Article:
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California sets home and community standards to reduce fire risk | Economic news

SACRAMENTO, Calif. (AP) — A fire-resistant roof, at least 5 feet of defensible space around a home, a clearly defined escape route in a neighborhood, and the elimination of overgrowth in a community are some of the new statewide insurance standards to reduce the risk of fires in older homes, California officials announced Monday.

“Reducing the risk of wildfires is key to making insurance available, reliable and affordable to all Californians,” Insurance Commissioner Ricardo Lara said.

Dubbed “Safer from Wildfires,” the new standards announced Monday outline actions to strengthen homes, their immediate surroundings and the communities in which they are located, steps insurance companies should consider for homes and businesses.

California has existing wildfire building standards for homes built after 2008. But as catastrophic wildfires increase the cost of insuring homes, the new standards would prompt insurance companies to offer rebates, offering incentives for retrofitting older homes, Lara said.

There are 12 insurance companies representing 40% of the insurance market already offering discounts to homeowners taking tougher action. Three years ago, only 7% of the market was offered such discounts, Lara said.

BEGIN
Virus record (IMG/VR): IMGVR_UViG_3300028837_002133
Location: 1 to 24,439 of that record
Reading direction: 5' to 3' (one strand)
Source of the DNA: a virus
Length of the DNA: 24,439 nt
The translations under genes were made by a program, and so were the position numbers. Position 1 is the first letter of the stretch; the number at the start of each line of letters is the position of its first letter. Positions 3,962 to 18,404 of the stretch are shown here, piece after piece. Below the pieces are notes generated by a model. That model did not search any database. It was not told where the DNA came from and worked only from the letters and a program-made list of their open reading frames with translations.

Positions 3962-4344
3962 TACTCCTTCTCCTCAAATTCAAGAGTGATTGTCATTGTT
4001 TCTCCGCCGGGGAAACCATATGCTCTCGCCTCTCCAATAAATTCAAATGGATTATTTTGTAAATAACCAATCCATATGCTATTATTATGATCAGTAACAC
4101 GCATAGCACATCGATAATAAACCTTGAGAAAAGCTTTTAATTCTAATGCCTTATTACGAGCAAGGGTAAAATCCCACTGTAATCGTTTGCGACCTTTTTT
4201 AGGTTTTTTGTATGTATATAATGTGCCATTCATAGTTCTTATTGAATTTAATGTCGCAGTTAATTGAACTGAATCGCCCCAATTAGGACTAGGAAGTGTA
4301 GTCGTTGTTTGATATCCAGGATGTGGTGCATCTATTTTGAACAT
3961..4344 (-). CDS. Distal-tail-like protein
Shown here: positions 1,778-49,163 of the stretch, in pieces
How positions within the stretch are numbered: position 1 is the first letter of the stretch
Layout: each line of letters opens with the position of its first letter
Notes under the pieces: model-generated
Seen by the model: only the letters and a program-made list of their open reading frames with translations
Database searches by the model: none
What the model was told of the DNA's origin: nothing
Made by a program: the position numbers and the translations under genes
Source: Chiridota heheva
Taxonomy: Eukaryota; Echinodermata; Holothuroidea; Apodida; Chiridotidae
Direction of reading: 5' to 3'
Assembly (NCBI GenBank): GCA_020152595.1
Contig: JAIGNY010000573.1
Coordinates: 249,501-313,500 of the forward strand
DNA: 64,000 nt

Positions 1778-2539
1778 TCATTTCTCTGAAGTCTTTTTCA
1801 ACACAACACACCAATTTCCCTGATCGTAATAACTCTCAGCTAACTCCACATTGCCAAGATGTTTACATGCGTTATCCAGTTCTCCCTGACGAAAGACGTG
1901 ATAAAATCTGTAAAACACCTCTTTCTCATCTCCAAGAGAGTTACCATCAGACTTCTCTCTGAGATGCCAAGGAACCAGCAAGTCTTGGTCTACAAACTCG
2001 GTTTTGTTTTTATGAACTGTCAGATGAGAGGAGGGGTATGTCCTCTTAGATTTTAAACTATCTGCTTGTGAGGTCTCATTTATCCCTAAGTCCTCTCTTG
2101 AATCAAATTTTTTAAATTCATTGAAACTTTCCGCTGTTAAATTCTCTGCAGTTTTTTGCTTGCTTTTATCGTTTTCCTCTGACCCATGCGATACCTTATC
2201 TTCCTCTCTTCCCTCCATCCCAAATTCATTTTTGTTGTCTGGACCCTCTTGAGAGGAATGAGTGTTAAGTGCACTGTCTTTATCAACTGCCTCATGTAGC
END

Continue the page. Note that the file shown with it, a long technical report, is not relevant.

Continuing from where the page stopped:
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But he said he wanted to see broader rebate programs and believes a uniform set of standards, based on scientific research, will give homeowners, communities and insurance companies a common strategy to reduce risk. forest fire.

“The framework will help me as a regulator of the nation’s largest insurance market to extend insurance incentives to homes and businesses, which will save money and encourage safety” , did he declare.

The guidelines follow a year of work by the insurance commissioner and four state agencies responsible for wildfire response and prevention.

Participating agencies include the Governor’s Office of Emergency Services, the California Department of Forestry and Fire Protection, the California Public Utilities Commission, and the Governor’s Office of Planning and Research.

Since 2017, nearly 50,000 homes have been destroyed by wildfires in California and it is essential to take proactive measures to protect properties before a fire starts, said Mark Ghilarducci, director of the Bureau of Services state emergency.

“Homeowners who actually take the time to prepare by taking steps like the ones we’re discussing today will be more resilient and able to deal with the impacts of these types of disasters and of course recover faster,” he said. declared. noted.

Homeowners and communities will have access to millions of dollars in state and federal grants to help them make their homes and neighborhoods more resilient, officials said.

Stronger California, a coalition of homeowners insurers, said it welcomes the new standards, which reflect input from many stakeholders across the state.

“Policies like these are already being implemented by many insurers, which will help us achieve the common goal of making insurance available to all homeowners in California,” he said in a statement.

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